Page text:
By Sun Herald, Gulfport/Biloxi
Readers of the Sun Herald will not be surprised to learn that the Sunshine Review, which collects and shares information about state and local government transparency, has rated Mississippi one of the least transparent states in the nation.
In its latest “report card,” the five states earning the highest grades are California, Illinois, Maryland, Pennsylvania and Washington. The five worst states are Alabama, Kentucky, Mississippi, Nebraska and South Dakota.
The Sunshine Review is a nonprofit organization that collaborates with individuals and other organizations across America to promote state and local transparency.
What is the value of public officials conducting public business openly?
Here’s the Sunshine Review’s tale of two counties from this week’s report:
“Two of the best examples of improvements come from the state of Colorado.
“Douglas County was the first county in Colorado to earn an A+ website transparency grade from Sunshine Review. The county dedicated itself to incorporating transparency into the way it governed, in its mission, vision and code of conduct. In short, Douglas County officials viewed transparency as an essential part of their jobs and citizens responded very positively to their actions …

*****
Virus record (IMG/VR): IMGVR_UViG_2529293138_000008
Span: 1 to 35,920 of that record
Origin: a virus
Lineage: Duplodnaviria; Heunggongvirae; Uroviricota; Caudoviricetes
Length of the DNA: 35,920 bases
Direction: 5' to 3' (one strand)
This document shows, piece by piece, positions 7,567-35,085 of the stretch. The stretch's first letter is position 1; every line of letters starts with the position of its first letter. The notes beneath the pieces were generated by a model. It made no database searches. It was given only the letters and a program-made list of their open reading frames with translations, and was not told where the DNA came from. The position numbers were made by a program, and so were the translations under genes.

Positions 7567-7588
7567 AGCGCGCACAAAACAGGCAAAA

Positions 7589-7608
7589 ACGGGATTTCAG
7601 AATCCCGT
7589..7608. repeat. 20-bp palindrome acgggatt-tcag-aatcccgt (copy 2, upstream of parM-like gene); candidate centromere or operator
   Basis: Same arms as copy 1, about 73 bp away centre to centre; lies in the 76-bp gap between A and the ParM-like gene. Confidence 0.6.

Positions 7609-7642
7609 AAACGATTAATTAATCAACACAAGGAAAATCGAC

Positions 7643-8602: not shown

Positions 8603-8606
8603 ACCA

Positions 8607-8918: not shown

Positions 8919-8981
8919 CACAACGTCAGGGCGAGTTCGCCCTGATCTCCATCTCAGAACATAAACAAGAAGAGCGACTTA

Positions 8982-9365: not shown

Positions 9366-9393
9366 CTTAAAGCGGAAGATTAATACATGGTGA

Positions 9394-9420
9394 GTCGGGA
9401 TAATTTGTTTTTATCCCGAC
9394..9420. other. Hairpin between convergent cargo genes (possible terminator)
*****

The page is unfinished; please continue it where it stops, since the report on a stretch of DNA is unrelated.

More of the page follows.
“Then there is the story of Adams County, Colorado. Adams County was under investigation for a number of corruption charges including theft, bribery, sexual harassment, unlawful perks in the manner of free cars, and ultimately bilking taxpayers out of at least $1.8 million.
“After seeing the successes in Douglas County, Adams County officials decided they needed to correct their approach to governing, and in May 2011 they committed to sweeping ethics reforms.
“ … Exactly one year after committing to government transparency, the county officials reported saving $1 million from their reform efforts.”
…. Proactive disclosure ensures that citizens have the information necessary to hold their local governments accountable …by making sure they are conducting business properly and honestly in the first place.”
That’s as true on the Coast as it is in Colorado.